It's an oft-used sports cliche that "injuries are part of the game." But a serious eye injury from sports or recreational activities can hinder much more than your time on the court or in the gym.
Of the 2.5 million eye injuries that occur every year in the United States, around 10 percent are sports or recreation-related, according to the Prevent Blindness America organization. The majority of these injuries occur in younger people: nearly three-quarters of sports and recreation eye injuries affect people under age 25 and about half affect children under age 15.
"Children comprise a large percentage of sports-relate0d eye injuries because so many kids are involved in sports," says Dr. H. Culver Boldt, associate professor of ophthalmology at the University of Iowa College of Medicine and a staff physician at the UI Hospitals and Clinics. "Also, a child's physical development and athletic immaturity, coupled with their fearless abandon when playing, tends to put them at greater risk for an eye injury."
Most eye injuries occur in basketball, partly because so many people play this particular sport. Injuries occur more from flying elbows or fingers than the ball itself. "If a basketball hits you in the face, the bones around the eye socket usually prevent the ball from making direct contact with the eye: Boldt says. "However, a finger or elbow to the eye can distort the shape of the eye significantly. Blood vessels get stretched and can break, causing bleeding. Retinal detachment is also a concern."
Protective eye wear is a good idea for many sports and recreational activities, particularly if you've had an eye injury before. Are certain kinds of sports goggles better? That depends on the nature of the sport you're playing and the health of your eyes.
"For relatively non-contact sports, like tennis, your eye care professional can put strong, impact-resistant plastic lenses in a pair of eyeglass frames," Boldt says. "It's preferable to use a frame that's sturdier and thicker so that if a ball hits the lens, the lens won't pop out of the frame toward the eye."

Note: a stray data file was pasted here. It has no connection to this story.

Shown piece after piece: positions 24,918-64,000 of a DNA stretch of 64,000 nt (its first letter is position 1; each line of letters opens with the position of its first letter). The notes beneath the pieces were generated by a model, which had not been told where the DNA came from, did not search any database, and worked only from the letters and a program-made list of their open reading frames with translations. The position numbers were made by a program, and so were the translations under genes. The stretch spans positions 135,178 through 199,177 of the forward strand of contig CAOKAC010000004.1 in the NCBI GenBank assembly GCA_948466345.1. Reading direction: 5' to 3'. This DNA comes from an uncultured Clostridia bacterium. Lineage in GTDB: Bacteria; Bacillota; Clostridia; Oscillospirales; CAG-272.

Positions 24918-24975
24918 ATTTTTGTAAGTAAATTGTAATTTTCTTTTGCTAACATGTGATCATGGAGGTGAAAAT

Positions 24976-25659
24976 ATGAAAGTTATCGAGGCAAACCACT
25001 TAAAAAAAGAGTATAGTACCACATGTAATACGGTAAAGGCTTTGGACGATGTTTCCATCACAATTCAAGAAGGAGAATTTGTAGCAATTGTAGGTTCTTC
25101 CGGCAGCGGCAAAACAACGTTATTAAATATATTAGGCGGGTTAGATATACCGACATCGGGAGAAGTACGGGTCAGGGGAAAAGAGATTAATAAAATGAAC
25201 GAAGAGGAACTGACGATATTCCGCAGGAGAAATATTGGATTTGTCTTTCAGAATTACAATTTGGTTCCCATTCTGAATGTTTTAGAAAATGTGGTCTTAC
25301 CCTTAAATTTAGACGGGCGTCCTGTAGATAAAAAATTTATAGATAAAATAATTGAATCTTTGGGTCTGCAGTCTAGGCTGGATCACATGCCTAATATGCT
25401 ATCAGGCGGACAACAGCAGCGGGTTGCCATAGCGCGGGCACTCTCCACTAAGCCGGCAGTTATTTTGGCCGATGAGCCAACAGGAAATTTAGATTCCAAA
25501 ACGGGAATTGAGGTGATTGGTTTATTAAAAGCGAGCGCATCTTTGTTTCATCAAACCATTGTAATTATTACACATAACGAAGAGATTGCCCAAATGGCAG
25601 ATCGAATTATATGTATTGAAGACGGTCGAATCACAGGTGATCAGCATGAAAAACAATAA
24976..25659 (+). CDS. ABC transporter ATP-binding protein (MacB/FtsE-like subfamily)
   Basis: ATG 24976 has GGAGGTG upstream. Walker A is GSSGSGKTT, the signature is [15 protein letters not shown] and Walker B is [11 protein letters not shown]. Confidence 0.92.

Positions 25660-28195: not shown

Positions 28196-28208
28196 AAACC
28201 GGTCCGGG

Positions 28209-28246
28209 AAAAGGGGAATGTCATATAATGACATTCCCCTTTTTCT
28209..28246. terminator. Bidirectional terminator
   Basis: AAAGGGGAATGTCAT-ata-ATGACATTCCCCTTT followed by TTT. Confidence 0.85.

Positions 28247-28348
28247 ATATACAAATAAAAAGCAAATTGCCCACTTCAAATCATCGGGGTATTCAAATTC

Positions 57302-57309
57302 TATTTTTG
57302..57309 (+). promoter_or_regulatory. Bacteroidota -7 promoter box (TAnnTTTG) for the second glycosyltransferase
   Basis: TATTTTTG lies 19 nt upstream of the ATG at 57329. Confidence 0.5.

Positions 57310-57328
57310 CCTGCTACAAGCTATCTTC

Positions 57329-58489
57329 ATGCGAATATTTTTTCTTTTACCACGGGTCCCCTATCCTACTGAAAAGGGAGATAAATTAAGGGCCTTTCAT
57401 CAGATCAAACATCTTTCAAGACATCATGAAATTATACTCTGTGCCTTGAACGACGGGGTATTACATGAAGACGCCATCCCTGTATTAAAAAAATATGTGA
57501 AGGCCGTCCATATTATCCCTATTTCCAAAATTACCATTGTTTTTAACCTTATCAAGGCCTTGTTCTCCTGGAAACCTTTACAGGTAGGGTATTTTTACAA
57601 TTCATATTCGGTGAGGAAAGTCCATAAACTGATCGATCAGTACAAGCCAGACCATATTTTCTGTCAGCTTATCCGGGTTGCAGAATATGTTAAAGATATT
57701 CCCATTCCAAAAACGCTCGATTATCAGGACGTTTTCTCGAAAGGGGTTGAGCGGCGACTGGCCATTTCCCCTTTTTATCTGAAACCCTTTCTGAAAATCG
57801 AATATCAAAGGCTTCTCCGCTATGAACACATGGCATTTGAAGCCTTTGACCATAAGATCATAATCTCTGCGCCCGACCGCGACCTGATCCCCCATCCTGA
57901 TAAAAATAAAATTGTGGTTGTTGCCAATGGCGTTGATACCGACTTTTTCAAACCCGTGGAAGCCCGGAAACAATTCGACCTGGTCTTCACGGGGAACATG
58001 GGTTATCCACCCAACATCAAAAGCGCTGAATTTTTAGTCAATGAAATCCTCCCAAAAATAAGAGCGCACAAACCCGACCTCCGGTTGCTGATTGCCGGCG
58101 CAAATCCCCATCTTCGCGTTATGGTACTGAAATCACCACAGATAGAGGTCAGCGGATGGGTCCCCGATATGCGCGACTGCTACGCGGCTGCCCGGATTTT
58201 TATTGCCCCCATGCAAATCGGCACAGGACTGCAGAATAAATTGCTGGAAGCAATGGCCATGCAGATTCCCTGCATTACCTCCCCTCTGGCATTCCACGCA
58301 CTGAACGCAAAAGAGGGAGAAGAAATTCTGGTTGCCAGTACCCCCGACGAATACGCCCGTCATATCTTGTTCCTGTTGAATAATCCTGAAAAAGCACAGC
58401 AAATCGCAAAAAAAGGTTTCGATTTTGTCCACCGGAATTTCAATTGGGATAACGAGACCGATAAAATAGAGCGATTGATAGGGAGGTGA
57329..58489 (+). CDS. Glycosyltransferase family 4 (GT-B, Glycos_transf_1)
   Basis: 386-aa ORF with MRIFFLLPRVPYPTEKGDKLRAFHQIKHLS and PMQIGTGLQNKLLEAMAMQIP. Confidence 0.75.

For higher risk sports--such as basketball, racquetball and handball--Boldt recommends sports goggles with polycarbonate lenses. "Goggles protect the eyes from the sides, as well as the front. You'll need a strap to hold the goggles on, so they won't get knocked off by sudden movements."
Polycarbonate is great for protection, Boldt says, although the material scratches easier than other plastics. Non-scratch coatings can be purchased to protect the goggle lenses. Prices for protective eye wear vary, depending on the type of frame and whether prescription lenses are needed. "Some prescriptions can be expensive, so another option is wearing contact lenses and goggles with non-prescription lenses. Your eyes will be protected and it may be less costly," Boldt says.
Parents should also schedule a dilated eye exam for their children, starting around age five or six, before the child begins athletics. "Your ophthalmologist should be able to detect any abnormalities that may suggest a more serious condition if an eye injury occurs," Boldt says.
University of Iowa Health Science Relations and H. Culver Boldt, MD